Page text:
The Government of Jamaica is indeed pleased to join the international community in observance of the International Day for the Remembrance of the Slave Trade and its Abolition. This calls for poignant reflection on the historic causes and tragic consequences of the transatlantic slave trade. We acknowledge the rebellion of the night of 23rd August 1791, on the island of Saint Domingue, now Haiti, as a significant turning point in one of the darkest chapters in human history. This successful uprising was a catalyst for the eventual abolition of the slave trade in 1833.
This Day of Remembrance provides an opportunity for us to take stock of the progress made, even as we recognise the challenges in preventing the reoccurrence of such crimes against humanity. The world has made significant strides in combating modern-day forms of enslavement such as human trafficking. Notwithstanding, we are reminded that there is still much to be achieved. Jamaica stands with its international partners in solidarity against remnants of the legacy of slavery. Let us continue to work together towards eliminating these scourges which affect our women, men and children.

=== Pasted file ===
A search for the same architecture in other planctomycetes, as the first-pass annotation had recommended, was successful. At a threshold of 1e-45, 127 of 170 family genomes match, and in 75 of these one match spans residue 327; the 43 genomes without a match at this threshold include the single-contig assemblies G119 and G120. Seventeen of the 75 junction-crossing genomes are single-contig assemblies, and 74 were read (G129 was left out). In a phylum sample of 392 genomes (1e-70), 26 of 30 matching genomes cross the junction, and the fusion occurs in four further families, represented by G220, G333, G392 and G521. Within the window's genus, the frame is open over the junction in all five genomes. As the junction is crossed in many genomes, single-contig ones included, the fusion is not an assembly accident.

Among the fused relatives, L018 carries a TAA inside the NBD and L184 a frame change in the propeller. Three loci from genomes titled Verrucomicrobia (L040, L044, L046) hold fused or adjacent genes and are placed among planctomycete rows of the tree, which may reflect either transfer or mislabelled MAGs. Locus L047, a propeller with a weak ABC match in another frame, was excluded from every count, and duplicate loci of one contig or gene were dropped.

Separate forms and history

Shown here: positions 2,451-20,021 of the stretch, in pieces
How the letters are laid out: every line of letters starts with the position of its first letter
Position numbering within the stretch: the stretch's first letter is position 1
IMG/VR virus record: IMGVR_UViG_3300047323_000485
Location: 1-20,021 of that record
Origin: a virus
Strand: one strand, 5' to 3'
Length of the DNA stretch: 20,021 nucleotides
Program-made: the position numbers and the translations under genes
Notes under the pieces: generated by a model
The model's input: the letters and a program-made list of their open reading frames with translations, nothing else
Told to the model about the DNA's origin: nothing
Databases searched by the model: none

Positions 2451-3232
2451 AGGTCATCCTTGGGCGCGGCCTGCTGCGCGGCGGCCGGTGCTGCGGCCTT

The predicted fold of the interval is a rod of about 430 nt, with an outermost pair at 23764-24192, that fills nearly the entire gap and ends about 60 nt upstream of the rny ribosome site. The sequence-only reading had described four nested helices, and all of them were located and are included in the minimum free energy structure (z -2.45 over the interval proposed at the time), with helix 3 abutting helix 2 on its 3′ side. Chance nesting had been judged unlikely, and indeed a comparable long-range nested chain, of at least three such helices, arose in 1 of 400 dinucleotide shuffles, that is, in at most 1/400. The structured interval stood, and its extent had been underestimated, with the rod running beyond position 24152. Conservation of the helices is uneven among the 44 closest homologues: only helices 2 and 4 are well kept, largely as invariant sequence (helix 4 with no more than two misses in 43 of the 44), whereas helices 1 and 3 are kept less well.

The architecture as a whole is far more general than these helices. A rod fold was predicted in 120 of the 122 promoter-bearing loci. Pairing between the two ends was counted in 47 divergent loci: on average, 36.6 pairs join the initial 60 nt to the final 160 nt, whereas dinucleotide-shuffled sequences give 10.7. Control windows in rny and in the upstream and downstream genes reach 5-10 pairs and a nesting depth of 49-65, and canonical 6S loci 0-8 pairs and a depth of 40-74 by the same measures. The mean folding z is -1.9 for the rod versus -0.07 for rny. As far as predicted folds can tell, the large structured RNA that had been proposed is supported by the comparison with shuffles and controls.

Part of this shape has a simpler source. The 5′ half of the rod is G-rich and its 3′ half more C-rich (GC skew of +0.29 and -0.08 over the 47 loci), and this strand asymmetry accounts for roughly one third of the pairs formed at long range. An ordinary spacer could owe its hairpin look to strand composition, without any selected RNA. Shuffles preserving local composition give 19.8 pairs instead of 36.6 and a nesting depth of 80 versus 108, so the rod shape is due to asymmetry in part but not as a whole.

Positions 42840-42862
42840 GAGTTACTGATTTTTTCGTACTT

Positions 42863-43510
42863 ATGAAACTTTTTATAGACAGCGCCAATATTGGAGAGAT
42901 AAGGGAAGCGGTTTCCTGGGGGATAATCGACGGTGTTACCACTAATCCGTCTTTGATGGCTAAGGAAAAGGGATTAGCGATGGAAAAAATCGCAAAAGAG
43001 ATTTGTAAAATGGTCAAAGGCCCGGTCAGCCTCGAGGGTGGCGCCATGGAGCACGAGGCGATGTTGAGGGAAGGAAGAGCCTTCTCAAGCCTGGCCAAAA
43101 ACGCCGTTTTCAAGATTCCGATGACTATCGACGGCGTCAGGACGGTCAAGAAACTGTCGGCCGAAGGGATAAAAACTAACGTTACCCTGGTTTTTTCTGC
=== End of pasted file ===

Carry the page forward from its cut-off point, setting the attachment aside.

At the multilateral level, Jamaica has sought to address the issue of slavery by its leadership role in the erection and unveiling of the Permanent Memorial in honour of the victims of slavery and the transatlantic slave trade at the United Nations Headquarters. This Memorial is one of the most important contributions to the commemoration of the abolition of slavery and the transatlantic slave trade.
Today, I invite all Jamaicans to take a moment to remember the millions who were lost in bondage, through the Middle Passage, as well as those who suffered and those who lost their lives under a brutal system of trading in persons. We pay homage to our unsung heroes who against all odds fought for their right to self-determination and triumphed. Their resilience and indomitable spirit remain a profound source of inspiration in the fight against modern-day slavery in all its forms.